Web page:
In general, the absorption unit 12 may facilitate the removal of acid gases, such as hydrogen sulfide and carbon dioxide, in a single unit operation. The absorption unit 12 may include one or more membrane contactors 72 that provide an interface between the syngas and the solvent. In certain embodiments, the acid gases within the syngas may flow through the membrane contactors 72 and be absorbed into the solvent. An interior volume 74 may retain the syngas and an interior volume 76 may retain the solvent. The membrane contactors 72 may be disposed between the two volumes 74 and 76 to provide an interface for absorption. In certain embodiments, the volume 76 retaining the solvent may be maintained at a higher pressure than the volume 74 retaining the syngas. The pressure difference may be small enough to allow the syngas to permeate the membrane contactors 72 but large enough to impede the flow of syngas from the syngas volume 74 into the solvent volume 76. In certain embodiments, a pressure regulator may be included within the absorption unit 12 to monitor the pressure difference. Acid gases within the syngas may pass through the membrane contactors 72 and be absorbed into the solvent within the volume 76, while the syngas remains within the volume 74. In this manner, the membrane contactors 72 may provide both a surface area for absorption and a barrier between the syngas and the solvent. Further, the membrane contactors may provide an increased surface area for absorption, which in turn may allow for a reduction in equipment size, capital costs, and solvent quantities. As discussed above, the sweetened syngas may exit the absorption unit 12 and may be supplied to the turbine 6, while the solvent, rich in absorbed acid gases, may be provided to the solvent regeneration system 66.
The sweetened syngas exiting the absorption unit 12 may consist primarily of hydrogen and may be supplied to the gas turbine 6 to drive one or more loads. As described above with respect to
Of course, the solvent regeneration system 66 is provided by way of example and is not intended to be limiting. For example, any number of flash tanks and receivers may be included and configured to operate at various pressures. In one example, the high pressure flash tank 80 may operate at about 10 bar, the medium pressure flash tank 84 may operate at about 5 bar, and the low pressure flash tank may operate at about 1 bar. As may be appreciated, the pressures of the flash tanks may vary depending on a variety of factors, including, but not limited to, the temperatures of the flash tanks, the number of stages, and the purity desired. In other embodiments, the receivers 82, 86, and 90 may be eliminated to allow desorbed acid gases to flow directly to subsequent processing operations. Further, in other embodiments, the solvent regeneration system 66 may employ a stripper that uses heat instead of pressure gradients to desorb the acid gases from the solvent.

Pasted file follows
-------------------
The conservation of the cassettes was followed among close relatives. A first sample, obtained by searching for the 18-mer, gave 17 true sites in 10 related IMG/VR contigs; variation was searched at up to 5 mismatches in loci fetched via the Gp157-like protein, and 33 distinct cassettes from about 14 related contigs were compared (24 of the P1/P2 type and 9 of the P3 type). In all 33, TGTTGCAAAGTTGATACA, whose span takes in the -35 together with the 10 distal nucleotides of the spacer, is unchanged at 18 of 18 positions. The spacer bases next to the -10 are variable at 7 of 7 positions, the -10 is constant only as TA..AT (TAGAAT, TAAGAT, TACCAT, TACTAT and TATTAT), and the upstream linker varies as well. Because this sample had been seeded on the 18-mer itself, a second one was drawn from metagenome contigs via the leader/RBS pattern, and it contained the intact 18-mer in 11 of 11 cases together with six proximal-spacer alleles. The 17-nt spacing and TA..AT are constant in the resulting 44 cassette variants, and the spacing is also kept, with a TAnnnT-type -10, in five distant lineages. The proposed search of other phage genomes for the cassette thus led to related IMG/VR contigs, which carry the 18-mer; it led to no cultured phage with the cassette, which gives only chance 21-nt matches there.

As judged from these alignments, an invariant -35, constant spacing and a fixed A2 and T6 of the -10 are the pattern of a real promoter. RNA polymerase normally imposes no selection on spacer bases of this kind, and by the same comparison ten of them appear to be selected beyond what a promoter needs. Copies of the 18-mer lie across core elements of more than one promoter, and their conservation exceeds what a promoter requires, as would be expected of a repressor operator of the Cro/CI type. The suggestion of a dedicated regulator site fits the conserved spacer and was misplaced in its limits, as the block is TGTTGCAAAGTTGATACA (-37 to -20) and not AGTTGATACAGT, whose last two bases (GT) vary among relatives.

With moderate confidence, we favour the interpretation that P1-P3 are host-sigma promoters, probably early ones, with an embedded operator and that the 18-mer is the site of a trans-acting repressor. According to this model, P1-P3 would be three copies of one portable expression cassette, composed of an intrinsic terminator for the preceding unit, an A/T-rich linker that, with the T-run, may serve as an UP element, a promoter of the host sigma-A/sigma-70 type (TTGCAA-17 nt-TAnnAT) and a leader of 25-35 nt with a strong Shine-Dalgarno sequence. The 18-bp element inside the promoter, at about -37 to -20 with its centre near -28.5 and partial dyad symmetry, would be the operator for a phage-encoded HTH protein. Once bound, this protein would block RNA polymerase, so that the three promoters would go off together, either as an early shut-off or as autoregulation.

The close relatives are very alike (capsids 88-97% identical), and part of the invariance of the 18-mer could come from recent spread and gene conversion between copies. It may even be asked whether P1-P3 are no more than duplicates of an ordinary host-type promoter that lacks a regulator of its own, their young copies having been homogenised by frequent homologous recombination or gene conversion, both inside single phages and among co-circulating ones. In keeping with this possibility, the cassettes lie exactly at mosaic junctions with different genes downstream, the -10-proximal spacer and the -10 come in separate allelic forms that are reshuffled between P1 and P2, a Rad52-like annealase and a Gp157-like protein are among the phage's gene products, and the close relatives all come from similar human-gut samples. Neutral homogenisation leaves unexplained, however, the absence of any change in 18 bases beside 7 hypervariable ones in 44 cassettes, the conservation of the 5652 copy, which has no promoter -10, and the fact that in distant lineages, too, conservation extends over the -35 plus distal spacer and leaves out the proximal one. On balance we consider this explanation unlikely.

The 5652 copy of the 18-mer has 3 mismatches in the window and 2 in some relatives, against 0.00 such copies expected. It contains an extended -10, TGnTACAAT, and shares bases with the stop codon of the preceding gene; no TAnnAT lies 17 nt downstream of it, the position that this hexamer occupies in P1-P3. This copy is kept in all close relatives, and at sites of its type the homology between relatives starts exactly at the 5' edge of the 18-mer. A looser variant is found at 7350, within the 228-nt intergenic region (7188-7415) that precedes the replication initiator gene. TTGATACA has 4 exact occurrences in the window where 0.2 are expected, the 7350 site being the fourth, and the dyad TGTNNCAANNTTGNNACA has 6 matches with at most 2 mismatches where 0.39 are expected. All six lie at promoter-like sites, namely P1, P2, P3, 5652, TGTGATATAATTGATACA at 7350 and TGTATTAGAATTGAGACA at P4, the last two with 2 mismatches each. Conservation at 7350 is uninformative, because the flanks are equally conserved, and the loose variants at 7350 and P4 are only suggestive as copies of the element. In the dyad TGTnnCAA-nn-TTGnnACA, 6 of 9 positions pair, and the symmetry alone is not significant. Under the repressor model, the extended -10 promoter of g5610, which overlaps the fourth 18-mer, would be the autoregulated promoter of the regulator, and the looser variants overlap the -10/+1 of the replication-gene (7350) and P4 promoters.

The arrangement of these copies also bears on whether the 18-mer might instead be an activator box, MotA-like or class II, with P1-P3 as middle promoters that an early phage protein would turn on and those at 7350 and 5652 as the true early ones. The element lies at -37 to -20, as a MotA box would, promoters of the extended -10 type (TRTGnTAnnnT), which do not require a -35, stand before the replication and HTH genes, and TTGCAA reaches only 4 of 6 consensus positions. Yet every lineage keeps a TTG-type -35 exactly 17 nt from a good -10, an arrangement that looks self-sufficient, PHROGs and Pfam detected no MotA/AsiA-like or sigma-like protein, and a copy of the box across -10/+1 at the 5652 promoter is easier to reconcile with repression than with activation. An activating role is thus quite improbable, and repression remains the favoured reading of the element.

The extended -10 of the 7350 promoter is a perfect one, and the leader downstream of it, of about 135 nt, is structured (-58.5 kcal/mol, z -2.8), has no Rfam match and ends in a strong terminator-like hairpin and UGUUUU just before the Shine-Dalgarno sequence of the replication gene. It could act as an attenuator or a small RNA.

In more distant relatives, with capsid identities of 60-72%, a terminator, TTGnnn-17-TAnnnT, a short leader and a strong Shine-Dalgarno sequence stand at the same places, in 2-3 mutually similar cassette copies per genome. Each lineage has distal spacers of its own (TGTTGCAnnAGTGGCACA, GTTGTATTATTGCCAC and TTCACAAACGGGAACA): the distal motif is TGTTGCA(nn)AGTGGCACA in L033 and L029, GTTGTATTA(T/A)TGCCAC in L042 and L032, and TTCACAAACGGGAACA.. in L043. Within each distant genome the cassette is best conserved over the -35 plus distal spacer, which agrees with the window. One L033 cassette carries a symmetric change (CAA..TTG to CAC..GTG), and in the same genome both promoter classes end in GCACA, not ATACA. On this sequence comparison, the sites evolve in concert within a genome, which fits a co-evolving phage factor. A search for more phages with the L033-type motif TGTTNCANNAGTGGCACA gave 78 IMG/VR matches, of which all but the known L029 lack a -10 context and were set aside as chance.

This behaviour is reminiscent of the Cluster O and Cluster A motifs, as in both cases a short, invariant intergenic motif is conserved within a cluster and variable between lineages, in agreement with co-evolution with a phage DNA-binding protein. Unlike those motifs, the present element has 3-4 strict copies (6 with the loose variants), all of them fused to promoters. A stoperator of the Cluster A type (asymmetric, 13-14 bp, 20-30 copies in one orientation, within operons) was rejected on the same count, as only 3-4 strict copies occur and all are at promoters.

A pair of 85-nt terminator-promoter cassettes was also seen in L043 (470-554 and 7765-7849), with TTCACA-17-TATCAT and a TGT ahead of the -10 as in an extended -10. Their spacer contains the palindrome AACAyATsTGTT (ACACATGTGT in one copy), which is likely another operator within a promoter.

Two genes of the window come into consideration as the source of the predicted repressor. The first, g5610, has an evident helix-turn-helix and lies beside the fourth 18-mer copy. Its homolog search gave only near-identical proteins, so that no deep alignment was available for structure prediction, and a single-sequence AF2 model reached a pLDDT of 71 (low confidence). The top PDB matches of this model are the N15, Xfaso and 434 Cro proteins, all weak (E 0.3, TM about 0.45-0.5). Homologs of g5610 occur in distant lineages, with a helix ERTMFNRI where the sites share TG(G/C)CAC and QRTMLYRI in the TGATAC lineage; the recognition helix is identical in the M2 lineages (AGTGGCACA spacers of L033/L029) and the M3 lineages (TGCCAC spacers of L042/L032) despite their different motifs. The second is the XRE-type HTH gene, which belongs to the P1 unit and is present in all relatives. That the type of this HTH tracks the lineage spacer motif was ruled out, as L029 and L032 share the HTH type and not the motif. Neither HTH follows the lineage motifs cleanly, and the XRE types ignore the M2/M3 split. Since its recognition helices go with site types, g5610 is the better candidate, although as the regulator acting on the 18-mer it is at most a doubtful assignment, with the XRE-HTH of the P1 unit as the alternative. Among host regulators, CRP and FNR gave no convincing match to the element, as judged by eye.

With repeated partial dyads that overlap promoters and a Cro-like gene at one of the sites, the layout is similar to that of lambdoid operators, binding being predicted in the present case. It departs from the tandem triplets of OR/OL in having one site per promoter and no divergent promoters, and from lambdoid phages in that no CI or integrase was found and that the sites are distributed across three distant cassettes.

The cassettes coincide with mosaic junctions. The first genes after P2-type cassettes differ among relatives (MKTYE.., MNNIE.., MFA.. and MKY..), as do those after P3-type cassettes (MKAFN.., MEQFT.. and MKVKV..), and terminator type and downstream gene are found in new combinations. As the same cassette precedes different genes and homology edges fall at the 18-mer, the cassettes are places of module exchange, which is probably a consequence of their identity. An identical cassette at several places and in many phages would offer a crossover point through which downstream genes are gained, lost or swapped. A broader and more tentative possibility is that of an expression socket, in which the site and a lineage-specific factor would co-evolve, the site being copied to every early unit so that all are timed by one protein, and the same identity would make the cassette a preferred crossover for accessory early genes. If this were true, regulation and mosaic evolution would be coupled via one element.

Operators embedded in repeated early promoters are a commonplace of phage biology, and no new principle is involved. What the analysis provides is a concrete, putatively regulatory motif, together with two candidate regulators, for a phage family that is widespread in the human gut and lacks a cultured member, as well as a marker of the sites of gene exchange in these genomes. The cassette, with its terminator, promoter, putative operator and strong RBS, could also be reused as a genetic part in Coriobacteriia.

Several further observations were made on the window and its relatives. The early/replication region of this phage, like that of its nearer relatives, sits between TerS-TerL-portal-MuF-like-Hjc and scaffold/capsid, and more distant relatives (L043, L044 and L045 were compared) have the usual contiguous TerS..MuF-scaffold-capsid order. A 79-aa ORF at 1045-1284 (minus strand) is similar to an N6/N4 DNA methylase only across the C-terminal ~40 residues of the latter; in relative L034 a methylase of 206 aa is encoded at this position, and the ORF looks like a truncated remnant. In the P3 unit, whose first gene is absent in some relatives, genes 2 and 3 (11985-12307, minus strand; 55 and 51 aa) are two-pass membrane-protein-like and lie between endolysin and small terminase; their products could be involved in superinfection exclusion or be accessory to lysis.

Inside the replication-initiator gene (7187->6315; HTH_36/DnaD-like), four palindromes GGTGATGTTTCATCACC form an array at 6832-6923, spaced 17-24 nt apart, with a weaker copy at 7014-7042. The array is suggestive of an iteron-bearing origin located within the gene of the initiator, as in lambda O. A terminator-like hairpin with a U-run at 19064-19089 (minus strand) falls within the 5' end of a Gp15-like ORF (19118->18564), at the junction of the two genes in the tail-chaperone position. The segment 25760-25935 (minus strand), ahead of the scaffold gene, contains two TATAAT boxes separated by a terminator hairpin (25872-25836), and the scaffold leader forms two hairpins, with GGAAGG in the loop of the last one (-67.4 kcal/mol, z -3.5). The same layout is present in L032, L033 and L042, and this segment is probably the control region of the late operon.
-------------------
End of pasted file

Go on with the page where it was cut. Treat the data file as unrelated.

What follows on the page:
The membrane contactors 102 may include a membrane 104 disposed around a support 106. In certain embodiments, the support 106 may include a relatively small diameter polymer or wire mesh tube with an inner flow passage for transporting syngas from interior volume 96 to interior volume 100. However, in other embodiments, the support 106 may include a structure with an inner flow passage of various geometries. For example, the support 106 may have a rectangular, oval, circular, star-shaped, or trapezoidal cross-section. The membrane 104 may include an expanded polytetrafluorethylene (ePTFE) membrane disposed around the outer surfaces of the support 106. However, in other embodiments, the membrane 104 may be constructed of a polymeric porous material, such as a thermoplastic polymer, or any other suitable porous material. In certain embodiments, the membrane 104 may have a wall thickness ranging from approximately 0.1 microns to approximately 2 millimeters and all subranges therebetween. More specifically, the membrane 104 may have a wall thickness ranging from approximately 0.5 microns to 1.5 microns or, even more specifically, from approximately 0.8 microns to 1.2 microns. Further, in other embodiments, the membrane 104 may have a wall thickness greater than approximately 2 millimeters.